Ashley Madison has never been coy about its intentions. Based in Toronto and launched in 2001, the website connects married people looking for discreet flings, and promotes its service with slogans like “Life is short. Have an affair.” The company’s founder, Noel Biderman, once told a journalist, “infidelity has been around a lot longer than Ashley Madison” and given that, he argued, the site was a “safe alternative” to hiring prostitutes, lying about your marital status on a singles dating service or having an affair at work.
Whether or not you agree with Biderman (who’s apparently happily married himself — go figure), you have to hand it to him for being clear about his motives. The same cannot be said, though, about the hackers who compromised the site earlier this week, threatening to publish the records of its 37 million customers unless the site shuts down immediately.
The hackers say they are both protesting the site’s leaky security measures, specifically the fact that it charges a $19 fee to scrub user accounts but apparently doesn’t actually completely delete them, and shaming the “cheating dirt-bags” on the site who are owed “no such discretion.” The logic is muddy — if I understand it correctly: the site ought to protect the identities of the very same people the hackers think should be exposed — but then so are the ethics of privacy in the digital age.
A few days prior to the Ashley Madison hack, the U.S. website Gawker published a story outing a heterosexually-married male media executive who allegedly arranged a date with a gay escort while on business trip. Gawker, which has since pulled the story, justified it as being a fair critique of the double-life of a high-powered media figure. But for a lot of people, myself included, there appeared to be no public interest — such as the revelation of criminal activity or corruption — in naming the executive and the merits of the story as “news” were slight. In fact, the only value in this situation and the Ashley Madison hack seems to be the chance to revel in the humiliation and destruction of others.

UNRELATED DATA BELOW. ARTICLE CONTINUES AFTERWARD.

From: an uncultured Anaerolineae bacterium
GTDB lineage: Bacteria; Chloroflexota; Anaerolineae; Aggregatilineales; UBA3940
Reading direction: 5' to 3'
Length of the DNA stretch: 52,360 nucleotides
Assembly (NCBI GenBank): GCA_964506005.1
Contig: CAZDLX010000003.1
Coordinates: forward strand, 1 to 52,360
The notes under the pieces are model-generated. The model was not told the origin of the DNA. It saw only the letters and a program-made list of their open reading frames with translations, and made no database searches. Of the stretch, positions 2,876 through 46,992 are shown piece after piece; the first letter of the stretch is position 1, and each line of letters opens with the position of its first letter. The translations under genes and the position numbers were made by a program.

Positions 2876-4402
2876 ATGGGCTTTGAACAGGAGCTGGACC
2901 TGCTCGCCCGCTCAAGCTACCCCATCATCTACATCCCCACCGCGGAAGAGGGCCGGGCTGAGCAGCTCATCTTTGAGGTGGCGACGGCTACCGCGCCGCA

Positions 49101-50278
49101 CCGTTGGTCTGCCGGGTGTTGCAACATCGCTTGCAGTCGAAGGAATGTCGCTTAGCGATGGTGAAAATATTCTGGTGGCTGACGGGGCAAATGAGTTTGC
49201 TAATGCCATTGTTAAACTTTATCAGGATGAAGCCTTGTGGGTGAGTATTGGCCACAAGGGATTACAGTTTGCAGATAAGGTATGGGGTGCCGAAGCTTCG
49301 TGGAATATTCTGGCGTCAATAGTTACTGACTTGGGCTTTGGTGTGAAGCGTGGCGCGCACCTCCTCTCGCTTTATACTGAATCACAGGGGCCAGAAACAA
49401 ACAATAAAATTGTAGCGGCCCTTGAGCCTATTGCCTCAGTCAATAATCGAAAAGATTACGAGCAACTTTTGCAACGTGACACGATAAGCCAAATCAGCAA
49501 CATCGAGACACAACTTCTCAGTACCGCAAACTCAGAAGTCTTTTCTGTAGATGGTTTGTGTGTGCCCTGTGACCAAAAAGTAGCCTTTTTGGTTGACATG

Sure, an argument can be made, along the lines of the hackers’ rationale, that dirt-bags aren’t entitled to privacy, and that there’s something noble in exposing people who behave badly. But then, who gets to decide who’s a “dirt-bag” and what’s bad behaviour? If moral standards are to be determined by the fleeting fancies of hackers and journalists, then it’s only a matter of time before all of us have our dirty laundry rifled through and aired.
More important, though, than the fact that we all live in glass houses, is the fundamental human need to keep parts of ourselves and our activities private. Our intimate lives are how we establish our sense of self and build ties to people who we trust and cherish. Having power to decide for ourselves what we wish to share with the world — whether it’s an affair, our sexual orientation, our medical history or our childhood nickname — is a right, not a privilege. And it’s a right that we need to be vigilant about in an era where we reveal ourselves with every keystroke, Google search, status update, phone call and text.
A few years back, the federal government proposed amendments to the Criminal Code that would have given authorities, like police and CSIS, the power to demand access to subscriber information from internet and phone providers without a warrant. In response to criticism about overreach and the undermining of civil liberties, then Minister of Public Safety Vic Toews said that opponents “can either stand with us or with the child pornographers” — a chilling rationalization for government surveillance that might have been written by George Orwell. The bill was eventually shelved, but the sentiment of Toews’ argument lives on: If you’ve done nothing wrong, then you’ve got nothing to hide.
But here’s the thing: Framing the issue of privacy as something only bad people want hurts good people, too. Not just because those good people will eventually screw up themselves someday, but because all of us are entitled to a few secrets of our own.